The appellate court reasoned that  the U.S. Supreme Court has consistently interpreted the Federal Arbitration Act as establishing a “federal policy favoring arbitration agreements.”  It also cited an earlier ruling in which the appeals court  concluded that in Title VII jurisprudence “pattern-or-practice” simply refers to a method of proof and does not constitute a “freestanding cause of action.”  Chin v. Port Authority of New York, 685 F.3d 135, 148 (2d Cir. 2012).

The arbitration clause in question states the Plaintiffs claims will be “finally settled by arbitration in New York City before, and in accordance with the rules . . . of, the New York Stock Exchange, Inc. (“NYSE”) or . . . the  National Association of Securities Dealers (“NASD”). If both the NYSE and NASD decline  to arbitrate the matter, the matter will be arbitrated before the American Arbitration Association  (“AAA”) in accordance with the commercial arbitration rules of the AAA. You agree that any  arbitration decision and/or award will be final and binding.”

Goldman’s appeal was supported by briefs from the U.S. Chamber of Commerce and the Securities Industry and Financial Markets Association. Parisi had support from the NAACP Legal Defense and Education Fund and the National Women’s Law Center.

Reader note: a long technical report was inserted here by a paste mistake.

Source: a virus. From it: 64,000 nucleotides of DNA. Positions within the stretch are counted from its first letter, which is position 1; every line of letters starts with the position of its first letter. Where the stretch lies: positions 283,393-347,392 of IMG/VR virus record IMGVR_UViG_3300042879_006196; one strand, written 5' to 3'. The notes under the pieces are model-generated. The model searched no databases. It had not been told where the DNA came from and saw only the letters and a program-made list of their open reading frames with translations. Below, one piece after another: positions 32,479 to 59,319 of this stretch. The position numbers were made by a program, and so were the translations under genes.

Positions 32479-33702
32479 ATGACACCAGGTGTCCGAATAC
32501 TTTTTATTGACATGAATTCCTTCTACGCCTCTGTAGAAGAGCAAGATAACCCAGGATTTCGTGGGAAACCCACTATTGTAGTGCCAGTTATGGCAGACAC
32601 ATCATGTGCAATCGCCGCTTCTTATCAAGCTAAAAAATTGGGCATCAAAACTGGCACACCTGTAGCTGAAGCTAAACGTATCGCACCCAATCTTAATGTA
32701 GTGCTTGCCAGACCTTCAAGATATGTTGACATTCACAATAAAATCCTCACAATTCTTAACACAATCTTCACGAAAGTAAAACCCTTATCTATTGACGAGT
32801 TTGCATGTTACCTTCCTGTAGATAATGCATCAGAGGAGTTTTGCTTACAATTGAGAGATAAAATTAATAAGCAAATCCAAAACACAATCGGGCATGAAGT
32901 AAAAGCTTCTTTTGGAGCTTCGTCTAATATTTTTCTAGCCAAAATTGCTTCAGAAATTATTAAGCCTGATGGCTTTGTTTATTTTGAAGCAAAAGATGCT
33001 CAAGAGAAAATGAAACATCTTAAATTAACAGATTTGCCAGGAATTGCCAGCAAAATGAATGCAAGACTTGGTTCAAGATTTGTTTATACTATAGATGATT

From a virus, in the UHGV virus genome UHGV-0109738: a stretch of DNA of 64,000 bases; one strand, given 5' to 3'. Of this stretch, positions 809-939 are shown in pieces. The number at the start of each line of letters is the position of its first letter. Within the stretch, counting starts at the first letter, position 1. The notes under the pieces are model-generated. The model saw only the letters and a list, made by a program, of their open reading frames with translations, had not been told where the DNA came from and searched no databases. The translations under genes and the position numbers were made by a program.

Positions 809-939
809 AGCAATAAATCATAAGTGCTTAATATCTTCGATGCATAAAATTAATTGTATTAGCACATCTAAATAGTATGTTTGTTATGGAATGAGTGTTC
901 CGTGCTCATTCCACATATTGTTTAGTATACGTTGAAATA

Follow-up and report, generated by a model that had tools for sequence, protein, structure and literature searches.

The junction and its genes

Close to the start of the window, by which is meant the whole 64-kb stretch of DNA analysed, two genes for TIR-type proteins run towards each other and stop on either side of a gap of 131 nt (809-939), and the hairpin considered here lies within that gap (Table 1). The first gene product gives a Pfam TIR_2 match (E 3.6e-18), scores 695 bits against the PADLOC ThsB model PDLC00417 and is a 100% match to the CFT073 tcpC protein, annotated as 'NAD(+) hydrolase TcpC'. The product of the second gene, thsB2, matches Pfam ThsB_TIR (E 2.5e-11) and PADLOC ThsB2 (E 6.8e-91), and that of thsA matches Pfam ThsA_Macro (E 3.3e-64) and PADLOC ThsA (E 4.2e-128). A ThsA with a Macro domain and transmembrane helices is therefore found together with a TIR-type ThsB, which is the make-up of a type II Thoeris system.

The case is Parisi v. Goldman Sachs & Co, 2nd U.S. Circuit Court of Appeals, No. 11-5229.

Crime & Sexual Harassment

_41030565_mugging_203_bbcWhy isn’t sexual harassment a crime in the United States?

 It is in France.

 France’s General Assembly enacted a new sexual harassment law on July 31, 2012 that includes criminal penalties of up to three years in prison and a fine of approximately $56,000 for serious cases.

 The new French law defines harassment as imposing on someone, in a repeated way, words or actions that have a sexual nature and either undermine the person’s dignity because of their degrading or humiliating nature or create an intimidating, hostile or offensive situation.

 In the United States, sexual harassment is prohibited by Title VII of the 1964 Civil Rights Act. The remedy is civil, which means it is up to the victim to sue and the damages are monetary and/or  injunctive relief.  In criminal cases, a prosecutor sues on behalf of the state and may seek  fines and imprisonment.

It can be very difficult to win a sexual harassment case in the United States. The  U.S. Supreme Court has ruled that U.S. law doesn’t prohibit simple teasing, offhand comments, or isolated incidents that are not very serious.  This leaves a lot of room for interpretation by judges, especially with respect to whether sexually harassing conduct  is frequent enough  and severe enough to be actionable.

The U.S. Equal Employment Opportunity Commission (EEOC) recently announced that WirelessComm, a Northern California distributor for the Metro PCS cell phone service provider, had agreed to pay $97,000 to settle a sexual harassment lawsuit filed by the agency.

 According to the EEOC’s lawsuit, the store manager of WirelessComm in Watsonville, CA,    subjected then-19-year-old Deisy Mora to abuse throughout her seven months of employment at the store

He frequently commented about her physical  appearance, texted her photos of himself and the words “Te quiero” (‘I love  you’ in Spanish), and referred to women in general with slurs and epithets.